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The Risk Is the Reward: The Importance of Facing Fear

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I have always loved food. I loved the way it felt, the way it smelled, the way it could be manipulated, and the way it could become something unrecognizable, and yet more amazing than any raw ingredient could have led you to imagine.

I went to culinary school. And I excelled in school. I got jobs in restaurant kitchens, and under some good chefs, I learned. It was exciting and it was hard. And then I got scared. I got scared that I could give my life to something that I might not succeed at. So I quit and did something easy.

Fear is a funny thing. It is at the same time one of the most useful and one of the most destructive things we have.

Fear was really useful for a long time. When death was a daily risk, fear kept us alive. It was a brilliant and powerful response to real risk. And the ones who did it best were our ancestors. That’s why we’re here.

The flip side of that gift of life is that our ancestors passed that skill on. I now have a powerful fear response in a world where my daily risks are, thankfully, practically nothing. But my mind has to use it for something. So it gets applied to the biggest risks I have—being vulnerable, failing, looking stupid, losing connection.

What I so love about fear is that it can tell me what is most important to me.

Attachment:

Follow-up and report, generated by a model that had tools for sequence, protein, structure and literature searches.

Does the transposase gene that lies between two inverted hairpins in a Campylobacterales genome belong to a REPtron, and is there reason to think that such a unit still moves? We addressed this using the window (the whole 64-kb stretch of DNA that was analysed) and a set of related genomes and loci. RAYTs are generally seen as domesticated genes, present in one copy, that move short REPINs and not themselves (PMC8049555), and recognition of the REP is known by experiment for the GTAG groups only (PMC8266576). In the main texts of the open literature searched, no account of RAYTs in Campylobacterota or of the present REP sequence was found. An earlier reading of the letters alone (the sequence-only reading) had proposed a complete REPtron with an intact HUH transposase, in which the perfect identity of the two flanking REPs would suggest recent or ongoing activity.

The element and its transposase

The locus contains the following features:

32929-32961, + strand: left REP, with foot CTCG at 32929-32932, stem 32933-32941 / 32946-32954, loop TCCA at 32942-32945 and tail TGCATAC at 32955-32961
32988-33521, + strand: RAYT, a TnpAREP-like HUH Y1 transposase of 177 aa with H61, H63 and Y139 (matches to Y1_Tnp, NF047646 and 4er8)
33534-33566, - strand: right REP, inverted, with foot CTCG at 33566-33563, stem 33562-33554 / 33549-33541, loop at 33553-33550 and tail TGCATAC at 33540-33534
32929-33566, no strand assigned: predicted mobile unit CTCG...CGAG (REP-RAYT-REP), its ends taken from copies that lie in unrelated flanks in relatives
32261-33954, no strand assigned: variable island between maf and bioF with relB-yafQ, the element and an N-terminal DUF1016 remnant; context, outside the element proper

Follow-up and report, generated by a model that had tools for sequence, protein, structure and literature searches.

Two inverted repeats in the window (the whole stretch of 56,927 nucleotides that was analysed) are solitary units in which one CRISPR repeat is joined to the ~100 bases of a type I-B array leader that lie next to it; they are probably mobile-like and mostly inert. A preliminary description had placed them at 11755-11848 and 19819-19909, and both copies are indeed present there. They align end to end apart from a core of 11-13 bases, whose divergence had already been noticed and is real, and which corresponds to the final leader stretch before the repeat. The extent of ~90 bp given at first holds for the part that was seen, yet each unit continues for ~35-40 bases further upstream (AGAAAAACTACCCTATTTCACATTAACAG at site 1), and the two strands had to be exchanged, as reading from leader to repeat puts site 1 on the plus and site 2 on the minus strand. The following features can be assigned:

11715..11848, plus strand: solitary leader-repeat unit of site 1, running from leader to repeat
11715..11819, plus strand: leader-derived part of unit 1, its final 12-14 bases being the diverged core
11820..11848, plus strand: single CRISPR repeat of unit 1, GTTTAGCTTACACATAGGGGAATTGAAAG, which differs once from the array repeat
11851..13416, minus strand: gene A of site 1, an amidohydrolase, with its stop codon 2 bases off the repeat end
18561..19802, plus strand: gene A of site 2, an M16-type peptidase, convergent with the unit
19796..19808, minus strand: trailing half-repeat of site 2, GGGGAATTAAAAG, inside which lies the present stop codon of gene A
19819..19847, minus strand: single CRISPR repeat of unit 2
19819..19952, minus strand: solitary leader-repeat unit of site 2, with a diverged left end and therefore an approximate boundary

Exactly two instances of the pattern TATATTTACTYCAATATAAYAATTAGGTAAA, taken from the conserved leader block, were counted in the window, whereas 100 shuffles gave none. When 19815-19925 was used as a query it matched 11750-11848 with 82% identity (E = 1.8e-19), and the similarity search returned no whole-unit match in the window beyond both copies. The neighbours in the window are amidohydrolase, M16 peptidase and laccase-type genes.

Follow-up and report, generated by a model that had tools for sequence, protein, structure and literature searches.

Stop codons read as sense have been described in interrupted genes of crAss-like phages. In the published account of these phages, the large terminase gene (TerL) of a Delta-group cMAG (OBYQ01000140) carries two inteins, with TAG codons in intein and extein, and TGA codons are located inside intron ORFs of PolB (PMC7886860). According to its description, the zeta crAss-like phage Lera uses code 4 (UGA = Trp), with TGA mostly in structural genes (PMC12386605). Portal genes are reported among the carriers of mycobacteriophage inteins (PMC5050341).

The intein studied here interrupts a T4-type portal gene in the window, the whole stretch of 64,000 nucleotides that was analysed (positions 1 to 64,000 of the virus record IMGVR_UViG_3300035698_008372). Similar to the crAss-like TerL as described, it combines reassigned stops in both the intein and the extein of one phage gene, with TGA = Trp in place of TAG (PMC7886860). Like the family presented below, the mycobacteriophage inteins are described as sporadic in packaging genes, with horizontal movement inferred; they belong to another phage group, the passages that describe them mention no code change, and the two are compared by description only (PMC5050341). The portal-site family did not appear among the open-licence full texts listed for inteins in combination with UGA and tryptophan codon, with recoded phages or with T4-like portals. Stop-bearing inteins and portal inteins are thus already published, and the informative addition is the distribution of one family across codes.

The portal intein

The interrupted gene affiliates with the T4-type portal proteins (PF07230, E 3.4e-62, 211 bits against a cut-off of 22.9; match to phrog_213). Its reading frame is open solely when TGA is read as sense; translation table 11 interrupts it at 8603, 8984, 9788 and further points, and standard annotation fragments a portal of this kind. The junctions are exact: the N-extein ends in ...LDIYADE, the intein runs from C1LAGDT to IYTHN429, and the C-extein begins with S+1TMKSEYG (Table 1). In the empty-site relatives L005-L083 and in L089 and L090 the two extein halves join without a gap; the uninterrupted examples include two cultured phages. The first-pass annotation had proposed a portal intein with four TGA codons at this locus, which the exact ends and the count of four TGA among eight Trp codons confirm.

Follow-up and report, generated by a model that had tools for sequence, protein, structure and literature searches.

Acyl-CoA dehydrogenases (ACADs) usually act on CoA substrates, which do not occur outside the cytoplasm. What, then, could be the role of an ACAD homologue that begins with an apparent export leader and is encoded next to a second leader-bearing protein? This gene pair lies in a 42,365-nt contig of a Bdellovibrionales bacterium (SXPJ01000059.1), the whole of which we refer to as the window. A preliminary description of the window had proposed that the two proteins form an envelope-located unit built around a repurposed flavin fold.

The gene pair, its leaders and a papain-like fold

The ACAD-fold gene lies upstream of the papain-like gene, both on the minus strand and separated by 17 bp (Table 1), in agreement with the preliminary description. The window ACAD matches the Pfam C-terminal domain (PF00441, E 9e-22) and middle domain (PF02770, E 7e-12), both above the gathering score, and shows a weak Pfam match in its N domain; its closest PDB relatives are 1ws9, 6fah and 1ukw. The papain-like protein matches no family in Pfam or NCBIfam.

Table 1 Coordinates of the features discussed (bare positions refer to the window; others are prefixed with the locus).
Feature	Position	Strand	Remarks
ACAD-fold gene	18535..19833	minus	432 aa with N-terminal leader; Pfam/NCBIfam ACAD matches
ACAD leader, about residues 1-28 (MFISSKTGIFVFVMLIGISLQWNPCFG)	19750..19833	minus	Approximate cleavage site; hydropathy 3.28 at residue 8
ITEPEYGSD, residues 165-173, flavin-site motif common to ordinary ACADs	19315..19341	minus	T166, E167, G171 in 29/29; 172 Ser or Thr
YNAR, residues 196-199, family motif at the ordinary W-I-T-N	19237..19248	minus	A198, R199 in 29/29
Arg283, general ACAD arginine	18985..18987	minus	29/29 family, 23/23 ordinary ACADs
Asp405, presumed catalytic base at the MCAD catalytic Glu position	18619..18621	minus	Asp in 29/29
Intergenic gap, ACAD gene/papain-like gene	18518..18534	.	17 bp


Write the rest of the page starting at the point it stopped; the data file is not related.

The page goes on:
My fear that that person will tell me “no” reminds me how important love is to me.
My fear that I don’t make enough money to have kids reminds me how important family is to me.
My fear that I’m not going to get invited to come along reminds me how important connection is to me.

My fear that I might invest my time, my hopes, my heart, and my soul in something and “fail” at or that people will see how much I care and then on watch me fall flat on my face is the best indication that it is important to me.

It doesn’t make fear less real. But knowing this can make it less powerful.

So I learn to face risks, to ask, to plan for what seems out of reach. It’s not a guarantee, but it’s the only way to tap into what matters to me most.

What are you really afraid of? That you’ll be judged if you don’t succeed immediately? That people will find out you really want something?  That they’ll find out you’re actually human?

I’ve been afraid of things my whole life. I suspect I will be afraid of things until I die. That’s not really important. That I’ve always found my way back to food and cooking one way or another, through teaching, though the Whole Life Challenge, reminds me that I trump fear, that hope springs eternal, that nothing can keep me from what I love.

There’s a reason people say “Why do we fall? To learn to get up.” Facing fear isn’t a lifetime of ecstasy, it’s a practice in doing what you love that leads to moments of brilliance that stay with you for a lifetime.

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Michael Stanwyck
Michael Stanwyck is the co-founder of The Whole Life Challenge, an idea that developed during his seven years as a coach and gym manager at CrossFit Los Angeles.

He graduated from UCLA with a BA in philosophy as well as a degree from the Southern California School of Culinary Arts, and feels food is one of the most important parts of a life - it can nourish, heal, and bring people together.

Michael believes health and well-being are as much a state of mind as they are a state of the body, and when it comes to fitness, food, and life in general, he thinks slow is much better than fast (most of the time). Stopping regularly to examine things is the surest way to put down roots and grow.

He knows he will never be done with his own work, and believes the best thing you can do for your well-being starts with loving and working from what you’ve got right now.